Review by Sameeksha on News18
Overall, Rangoon is not Vishal Bhardwaj’s most glorious of works but it has its own strengths. It is one of his most simple yet engaging stories that show you many colors and layers without actually deviating from the main plot. Rangoon deserves a watch for its smart sub-plot, Kangana-Shahid’s titillating chemistry and of course, Kangana Ranaut’s vulnerability as a popular actress turned liberated lover Julia.
Review by Manisha Lakhe on Nowrunning
If you thought the end of the film were near, you would be disappointed. There is a hilarious (unintentional, of course) dramatic blow up the bridge scene in the end and Saif Ali Khan is made to pretend he’s Philippe Petit from the movie The Walk with the priceless sword instead of the balancing rod Petit carried when he walked the high wire between the Twin Towers. I tried, really hard to feel for the star and the soldier and drown in their mooch-filled kisses. But couldn’t. Shakespeare must be sighing in his grave, ‘This time Vishal Bhardwaj’s story is out of joint indeed!’
Review by Ritika Handoo on Zeenews
Vishal Bhardwaj is an auteur in Indian cinema, who literally owns every venture he sets out to embark upon. His last ‘Haider’ was a masterpiece that etched history in the minds of viewers. His latest film ‘Rangoon’ is a completely different tale where although World War II plays a crucial backdrop but he essentially happens to narrate a love story.
Review by Sarita A Tanwar on DNA India
Rangoon tries to cash in on the nostalgia factor of the fight for independence. Its relevance to this generation is something only the box-office collections will reveal. Kangana and Shahid have superb chemistry but only as long as they are at a distance (unfortunately their liplocks give away their off-screen feelings for each other).There isn’t much happening in the second half of the film. But it is the final fifteen minutes that will have you shifting uncomfortably in your seat. And the final scene will leave you cringing or giggling, which is such a pity. Unfortunately, Rangoon had all the ingredients to be heartbreaker and tear-jerker but it loses footing post-interval and then derails in the climax. The British Major is annoying and amusing in equal measures. Kangana often gets high-pitched and screechy, which takes away from her otherwise on-point performance.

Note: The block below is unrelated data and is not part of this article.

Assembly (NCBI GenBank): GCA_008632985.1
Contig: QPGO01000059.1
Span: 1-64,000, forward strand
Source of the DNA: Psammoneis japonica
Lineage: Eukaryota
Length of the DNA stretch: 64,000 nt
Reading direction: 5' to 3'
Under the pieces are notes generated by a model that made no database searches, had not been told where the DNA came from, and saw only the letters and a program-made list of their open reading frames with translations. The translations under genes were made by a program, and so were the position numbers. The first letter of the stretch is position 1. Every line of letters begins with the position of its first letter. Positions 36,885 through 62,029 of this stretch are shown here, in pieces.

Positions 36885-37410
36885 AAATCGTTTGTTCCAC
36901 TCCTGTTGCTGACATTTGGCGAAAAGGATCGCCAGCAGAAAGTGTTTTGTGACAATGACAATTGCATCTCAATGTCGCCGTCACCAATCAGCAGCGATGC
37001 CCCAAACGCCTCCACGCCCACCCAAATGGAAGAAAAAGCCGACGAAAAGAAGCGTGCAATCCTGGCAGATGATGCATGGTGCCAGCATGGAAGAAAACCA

Review by Subhash K Jha on Bollyspice
Kangana and Shahid are extraordinarily at-home in expressing the eruption of unpremeditated passion. Their scenes together are magically shot by cinematographer Pankaj Kumar and are elevated further to a level of liberating lyricism by Vishal Bhardwaj’s serene background score. A pity Shahid and Kangana’s time together is rationed. It ends with the Japanese soldier(played with gratifying earnestness by Soturo Kawaguchi) begging to be freed to go home to his mother.
Review by Meeta on Wogma
Ironically, many a love triangle with two men and a woman are more about the men than the woman. Many a film about patriotism are more about the men protecting the country and very little about the country herself. The women on the pedestal are taken rather for granted in the story. A lot of Rangoon is about Julia, her experiences and her reactions to those experiences. There is a psychological undercurrent of her nomadic beginnings leading to an insecurity she hides within. The countries too are given some consideration, through foreign rulers admiring the rich culture, through acts on stage.
Review by Joginder Tuteja on Movietalkies
No wonder, you do start to think loud and clear that Rangoon could have been an altogether different film and cover a much greater distance had it been spun together a tad more tightly, a few plot points could have been much better written and the climax could have been much stronger. Nonetheless, what also stays true is the fact that there was a team that thought of making something altogether different instead of getting into a quintessential Bollywood space. For the effort, visuals and the grandeur that the film carries, Rangoon does deserve an acknowledgment for sure.